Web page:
By Heather Feinstein
Recently iRobot, the company which produces Roomba, a popular robotic vacuum, made news when CEO Colin Angle seemed to imply he was open to selling the maps Roomba produces of your home to third parties (www.reuters.com/article/us-irobot-strategy-idUSKBN1A91A5). This suggestion caused quite a stir amongst consumers and privacy advocates and ultimately lead to a strong recharacterization of the process as a consumer benefit (better integration with IOT!) rather than a profit seeking venture (we are NOT selling maps of your home to Amazon…yet) (www.forbes.com/sites/kevinmurnane/2017/08/01/irobot-clarifies-their-position-on-how-roomba-created-maps-of-peoples-homes-will-be-used/#7defca7e7d81). But why did this issue hit consumers so close to home (no pun intended)? And how can companies avoid this sort of “misunderstanding” in the future?
A possible answer lies in Helen Nissenbaum’s paper “A Contextual Approach to Privacy” (www.amacad.org/publications/daedalus/11_fall_nissenbaum.pdf). Nissenbaum argues that tech privacy constraints should mirror the privacy constrains of their non-tech counterparts. For instance, when you shop at your local pharmacy you do not expect Walgreens to erect a billboard of your OTC medication purchases for all your neighbors to see, likewise you would not expect nor look kindly at Walgreens.com posting “Jessica purchased Immodium AD today!” on your Facebook wall. In this case, since your trusty Dyson never whipped out a drafting table, diagrammed your home, and began shopping it around to local businesses, you are within reason to expect Roomba to behave in kind. One possible response is that consumers should be aware that Roomba needs to map your place in order to perform its advertised function, however consumers are so new to automation that many may not have thought or looked far enough into the Roomba’s functioning to realize this. In that case, they would be in no position to even wonder what iRobot might be doing with such maps.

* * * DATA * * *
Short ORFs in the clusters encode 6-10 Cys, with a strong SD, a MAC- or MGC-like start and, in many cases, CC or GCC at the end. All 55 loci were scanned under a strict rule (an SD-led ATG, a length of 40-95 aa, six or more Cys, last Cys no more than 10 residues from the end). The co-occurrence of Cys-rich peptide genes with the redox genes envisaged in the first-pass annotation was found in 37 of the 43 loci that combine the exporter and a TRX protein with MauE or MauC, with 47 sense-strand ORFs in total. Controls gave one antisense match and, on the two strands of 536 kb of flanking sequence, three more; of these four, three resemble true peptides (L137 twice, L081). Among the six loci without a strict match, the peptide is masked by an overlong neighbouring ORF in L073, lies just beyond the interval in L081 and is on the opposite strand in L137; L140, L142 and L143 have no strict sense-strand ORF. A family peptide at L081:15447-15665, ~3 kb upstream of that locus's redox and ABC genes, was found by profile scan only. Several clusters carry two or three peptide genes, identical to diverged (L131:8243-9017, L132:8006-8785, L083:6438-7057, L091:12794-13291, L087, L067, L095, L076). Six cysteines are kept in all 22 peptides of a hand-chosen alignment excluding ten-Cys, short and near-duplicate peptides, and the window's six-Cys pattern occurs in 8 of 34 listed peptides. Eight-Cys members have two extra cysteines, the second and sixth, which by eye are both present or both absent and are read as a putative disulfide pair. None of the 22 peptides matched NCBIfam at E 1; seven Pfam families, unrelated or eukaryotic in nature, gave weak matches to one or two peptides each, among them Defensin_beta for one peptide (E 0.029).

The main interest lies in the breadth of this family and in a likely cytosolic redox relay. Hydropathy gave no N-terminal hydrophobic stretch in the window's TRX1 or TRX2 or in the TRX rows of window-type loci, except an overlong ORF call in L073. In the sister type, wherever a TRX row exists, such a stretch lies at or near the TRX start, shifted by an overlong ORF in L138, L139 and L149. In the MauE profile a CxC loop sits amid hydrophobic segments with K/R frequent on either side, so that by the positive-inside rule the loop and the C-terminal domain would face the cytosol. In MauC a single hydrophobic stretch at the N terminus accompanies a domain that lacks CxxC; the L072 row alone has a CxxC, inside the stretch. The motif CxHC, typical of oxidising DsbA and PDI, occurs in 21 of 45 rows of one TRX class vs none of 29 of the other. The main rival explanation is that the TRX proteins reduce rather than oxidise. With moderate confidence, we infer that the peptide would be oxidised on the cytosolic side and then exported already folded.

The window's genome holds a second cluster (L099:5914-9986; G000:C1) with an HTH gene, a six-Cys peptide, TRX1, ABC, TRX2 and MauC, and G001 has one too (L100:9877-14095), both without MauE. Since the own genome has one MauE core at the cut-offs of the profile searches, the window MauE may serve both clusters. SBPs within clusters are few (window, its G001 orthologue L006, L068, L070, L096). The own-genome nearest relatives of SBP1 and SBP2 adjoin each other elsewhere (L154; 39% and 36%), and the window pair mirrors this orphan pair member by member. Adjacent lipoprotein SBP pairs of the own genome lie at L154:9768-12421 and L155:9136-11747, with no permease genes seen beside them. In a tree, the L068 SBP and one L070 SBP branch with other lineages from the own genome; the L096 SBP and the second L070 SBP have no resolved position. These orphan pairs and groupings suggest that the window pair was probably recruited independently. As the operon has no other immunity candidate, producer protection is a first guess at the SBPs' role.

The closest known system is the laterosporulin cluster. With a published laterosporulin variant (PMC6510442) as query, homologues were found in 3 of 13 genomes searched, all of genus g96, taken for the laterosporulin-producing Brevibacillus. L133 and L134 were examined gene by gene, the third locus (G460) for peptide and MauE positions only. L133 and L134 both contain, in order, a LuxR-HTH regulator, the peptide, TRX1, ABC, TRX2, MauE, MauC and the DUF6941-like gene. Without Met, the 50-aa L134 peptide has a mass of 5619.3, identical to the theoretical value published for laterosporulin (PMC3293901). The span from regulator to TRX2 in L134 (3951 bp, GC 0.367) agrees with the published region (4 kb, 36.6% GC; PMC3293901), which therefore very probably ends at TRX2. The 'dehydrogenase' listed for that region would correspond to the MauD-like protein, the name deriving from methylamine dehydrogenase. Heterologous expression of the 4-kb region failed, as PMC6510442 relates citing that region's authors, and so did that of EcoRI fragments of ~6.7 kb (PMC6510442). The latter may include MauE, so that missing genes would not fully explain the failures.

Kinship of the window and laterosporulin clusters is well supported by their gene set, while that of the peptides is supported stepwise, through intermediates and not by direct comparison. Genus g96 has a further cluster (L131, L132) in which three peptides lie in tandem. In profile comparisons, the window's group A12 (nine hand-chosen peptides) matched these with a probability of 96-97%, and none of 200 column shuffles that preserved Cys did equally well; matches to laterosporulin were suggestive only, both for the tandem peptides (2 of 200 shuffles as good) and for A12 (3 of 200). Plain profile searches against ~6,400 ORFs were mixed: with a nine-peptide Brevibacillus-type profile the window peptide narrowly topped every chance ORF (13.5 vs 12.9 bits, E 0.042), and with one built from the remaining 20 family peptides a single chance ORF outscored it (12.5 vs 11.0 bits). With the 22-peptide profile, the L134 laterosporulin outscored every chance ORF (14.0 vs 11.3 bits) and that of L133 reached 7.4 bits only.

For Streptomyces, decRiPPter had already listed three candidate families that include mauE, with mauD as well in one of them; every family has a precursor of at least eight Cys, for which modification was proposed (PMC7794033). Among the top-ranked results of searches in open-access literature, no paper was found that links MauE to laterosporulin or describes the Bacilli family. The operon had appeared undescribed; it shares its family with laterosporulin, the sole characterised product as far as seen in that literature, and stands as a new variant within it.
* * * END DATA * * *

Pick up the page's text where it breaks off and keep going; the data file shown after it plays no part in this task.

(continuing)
While iRobot seems to be doing a serviceable job at damage control, this could all have been avoided had they jumped ahead of the game and considered context. iRobot could have been billed not as simply an electronic vacuum, but as an integrated home tool that you could use to create a map to send to an interior designer, home alarm system manufacturer or real estate agent as desired. This suddenly creates a new context for Roomba to exist in — now Roomba is a vacuum and personal architect. Modern society has been fraught with privacy tradeoffs long before technology advanced. The difference now is that the tradeoffs are less obvious too consumers, many feel more threatened by the shock of the privacy invasion than the actual invasion itself.
iRobot and other companies would do well to consider Nissenbaum’s contextual approach to privacy when marketing their products. While it doesn’t apply to all new technology – some of which is so revelatory there is truly no non-tech analogy – it does go a long way toward helping companies predict what sorts of privacy invasions consumers will be most offended by. iRobot misstopped by taking a process that consumers are very comfortable and familiar with and failing to get consumers comfortable with a new aspect of that process that technology would introduce. Companies should always be mindful of product expectations driven by context and make sure consumers are aware of where those expectations may be undermined. Only then will customers see new technological features as opportunities rather than threats.